Samsung UN65KS9800FXZA LCD Ultra HDTV Review
Thomas J. Norton | Sep 07, 2016
Performance Features Ergonomics Value PRICE $4,500 AT A GLANCE Plus Excellent blacks and shadow detail First-rate resolution Compelling high dynamic range Minus HDR limited to HDR10 No 3D THE VERDICT In some important respects, Samsung’s new top-of-the-line TV improves upon the company’s previous flagship, and at a lower price. When we last reviewed one of Samsung’s so-called SUHD sets, Ultra HD with high dynamic range (HDR) was not yet available on Blu-ray. But the arrival of such discs—together with UHD Bluray players like Samsung’s own UBD-K8500—has changed the game. The 4K resolution of Ultra HD sets is all well and good, but HDR is the most eye-popping feature of UHD. Not all 4K sets, however, incorporate HDR, and those that do don’t necessarily perform at the same level. HDR still can’t be done well cheaply; at present, the displays that do it best are their respective makers’ premier offerings. The Samsung KS9800 series definitely belongs in that company—and among the three models within that family, the 65-incher we’re discussing here is the smallest.
Sony XBR-65X930D LCD Ultra HDTV Review
Thomas J. Norton | Aug 03, 2016
2D Performance 3D Performance Features Ergonomics Value PRICE $3,000 AT A GLANCE Plus Impressive edge-lit local dimming Respectable off-axis viewing Bright, punchy HDR Minus Often redundant menus Tight remote control layout THE VERDICT Full-array local dimming remains the gold standard for LCD Ultra HDTVs, but Sony has now upped the ante with the best edge-lit set we’ve seen. The last time I reviewed one of Sony’s 4K sets, it had large speaker enclosures attached permanently to the sides of the screen, with a separate “subwoofer” firing out the back. This made for an inconveniently wide design, and with the introduction of Sony’s new 2016 models, those audio “wings” are now history.
LG Signature OLED65G6P OLED Ultra HDTV Review
Thomas J. Norton | Jun 15, 2016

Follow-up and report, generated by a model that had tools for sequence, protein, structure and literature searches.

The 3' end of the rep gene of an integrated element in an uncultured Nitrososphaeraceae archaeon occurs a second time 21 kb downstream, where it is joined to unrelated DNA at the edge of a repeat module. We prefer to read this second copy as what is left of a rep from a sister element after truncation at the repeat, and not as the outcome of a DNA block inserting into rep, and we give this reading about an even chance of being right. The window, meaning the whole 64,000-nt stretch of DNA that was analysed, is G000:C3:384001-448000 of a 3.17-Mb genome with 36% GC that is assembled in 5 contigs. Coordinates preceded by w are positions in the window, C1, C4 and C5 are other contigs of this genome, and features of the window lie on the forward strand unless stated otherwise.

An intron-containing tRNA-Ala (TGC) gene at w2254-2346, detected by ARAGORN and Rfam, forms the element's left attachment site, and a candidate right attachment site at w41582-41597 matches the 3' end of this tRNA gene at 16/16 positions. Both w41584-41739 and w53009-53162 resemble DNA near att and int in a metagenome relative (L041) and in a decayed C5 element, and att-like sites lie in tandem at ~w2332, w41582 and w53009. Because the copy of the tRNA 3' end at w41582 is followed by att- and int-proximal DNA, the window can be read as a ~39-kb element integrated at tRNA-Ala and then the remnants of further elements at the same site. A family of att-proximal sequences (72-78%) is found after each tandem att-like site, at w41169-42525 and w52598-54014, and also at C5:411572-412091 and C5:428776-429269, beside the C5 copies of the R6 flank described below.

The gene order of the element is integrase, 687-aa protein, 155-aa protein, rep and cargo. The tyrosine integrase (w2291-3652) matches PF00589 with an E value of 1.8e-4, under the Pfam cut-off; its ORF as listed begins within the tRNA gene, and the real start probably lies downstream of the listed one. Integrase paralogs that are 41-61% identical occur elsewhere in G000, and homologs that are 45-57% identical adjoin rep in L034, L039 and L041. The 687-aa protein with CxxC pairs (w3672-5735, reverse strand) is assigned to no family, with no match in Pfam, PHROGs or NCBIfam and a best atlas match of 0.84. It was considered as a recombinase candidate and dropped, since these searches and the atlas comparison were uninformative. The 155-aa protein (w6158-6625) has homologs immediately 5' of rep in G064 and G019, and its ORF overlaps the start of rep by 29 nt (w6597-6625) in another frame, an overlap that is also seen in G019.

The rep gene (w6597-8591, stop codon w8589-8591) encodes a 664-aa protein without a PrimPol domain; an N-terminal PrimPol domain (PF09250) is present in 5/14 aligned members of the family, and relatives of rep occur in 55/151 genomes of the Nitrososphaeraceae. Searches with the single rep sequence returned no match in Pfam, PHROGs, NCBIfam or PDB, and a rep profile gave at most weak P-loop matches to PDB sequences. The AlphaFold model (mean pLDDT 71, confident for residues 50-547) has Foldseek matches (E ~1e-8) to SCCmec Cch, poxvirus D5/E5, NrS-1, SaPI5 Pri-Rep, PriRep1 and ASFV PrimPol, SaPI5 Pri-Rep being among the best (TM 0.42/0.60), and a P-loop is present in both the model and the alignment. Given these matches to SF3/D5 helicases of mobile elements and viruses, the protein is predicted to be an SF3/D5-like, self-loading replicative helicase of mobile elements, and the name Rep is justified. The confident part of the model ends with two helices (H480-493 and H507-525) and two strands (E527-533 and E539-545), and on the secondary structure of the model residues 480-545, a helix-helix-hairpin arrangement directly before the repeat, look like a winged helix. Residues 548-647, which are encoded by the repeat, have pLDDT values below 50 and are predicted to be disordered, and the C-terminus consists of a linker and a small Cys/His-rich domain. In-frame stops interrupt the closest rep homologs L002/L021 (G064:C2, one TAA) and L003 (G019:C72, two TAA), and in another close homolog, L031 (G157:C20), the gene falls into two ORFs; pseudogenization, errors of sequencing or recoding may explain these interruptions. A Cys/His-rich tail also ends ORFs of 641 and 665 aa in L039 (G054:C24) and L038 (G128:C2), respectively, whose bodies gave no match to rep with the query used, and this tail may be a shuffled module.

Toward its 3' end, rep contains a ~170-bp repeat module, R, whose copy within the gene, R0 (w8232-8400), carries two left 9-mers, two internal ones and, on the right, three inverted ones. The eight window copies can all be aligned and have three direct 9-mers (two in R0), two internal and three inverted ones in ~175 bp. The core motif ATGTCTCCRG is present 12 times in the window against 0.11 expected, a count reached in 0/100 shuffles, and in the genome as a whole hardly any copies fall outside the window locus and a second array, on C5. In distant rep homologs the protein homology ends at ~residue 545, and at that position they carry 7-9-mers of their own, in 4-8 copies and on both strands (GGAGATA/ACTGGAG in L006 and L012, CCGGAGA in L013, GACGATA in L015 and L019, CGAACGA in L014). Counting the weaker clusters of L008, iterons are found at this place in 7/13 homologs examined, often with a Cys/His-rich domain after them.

2D Performance Features Ergonomics Value PRICE $8,000 AT A GLANCE Plus Excellent HDR in both Dolby Vision and HDR10 Blacks to die for Solid off-center viewing Minus Expensive Careful setup critical for best results Menus tedious to navigate THE VERDICT Our brief time with LG’s flagship OLED for 2016 suggested it’s not perfect (what is?), but apart from the fact that LCD sets still go brighter than OLEDs, it’s unlikely that any other new HDR-equipped Ultra HDTV will be able to match or exceed the performance of this one. While this article is structured as a Test Report, in fact it’s a good bit short of a full-fledged evaluation. The combination of the cost of LG’s flagship OLED and the limited supply of review samples in early April prompted the company to set up a couple of displays at a venue in New York City, then shuttle in groups of A/V journalists to lay hands on the set—so to speak.
Panasonic TC-65CX400U LCD Ultra HDTV Review
Rob Sabin | Apr 05, 2016
Performance Features Ergonomics Value PRICE $1,700 AT A GLANCE Plus Excellent color Great screen uniformity Artifact-free 1080p-to-UHD scaling Minus Poor black level and contrast Meager streaming platform THE VERDICT Though it delivers solid entry-level performance, Panasonic’s CX400 faces more fully featured competition at its price. Panasonic pulled big crowds at its CES booth in January with their CZ950 OLED, a 65-inch Ultra HD television that adds advanced processing to an LG-supplied OLED panel, with quite stunning results. Unfortunately, that set is only sold overseas for now (priced at €10,000 or about $11,000, no less), and it remains unclear when or if Panasonic will release it in the States.
LG 65EF9500 OLED Ultra HDTV Review
Thomas J. Norton | Feb 23, 2016
2D Performance 3D Performance Features Ergonomics Value PRICE $6,000 AT A GLANCE Plus Blacks are truly black Fine detail Near-perfect off-axis viewing Minus Pricey Annoying calibration menus THE VERDICT LG’s recent price adjustments have made the company’s OLED sets more approachable, though hardly cheap in the biggest-screen Ultra HD models. But in today’s market, you’re unlikely to find a UHDTV that offers better performance than this one. While OLED (organic light-emitting diode) technology offers most of the benefits of the now sadly departed plasma sets (and in some ways, more benefits), it’s been difficult to manufacture at commercially viable prices. So far, only LG is actively marketing OLED in the U.S. (though we hope others will follow). A recent drop in LG’s prices for OLED sets has rendered them more affordable, though still far from generating “Attention, Shoppers” announcements at K-Mart.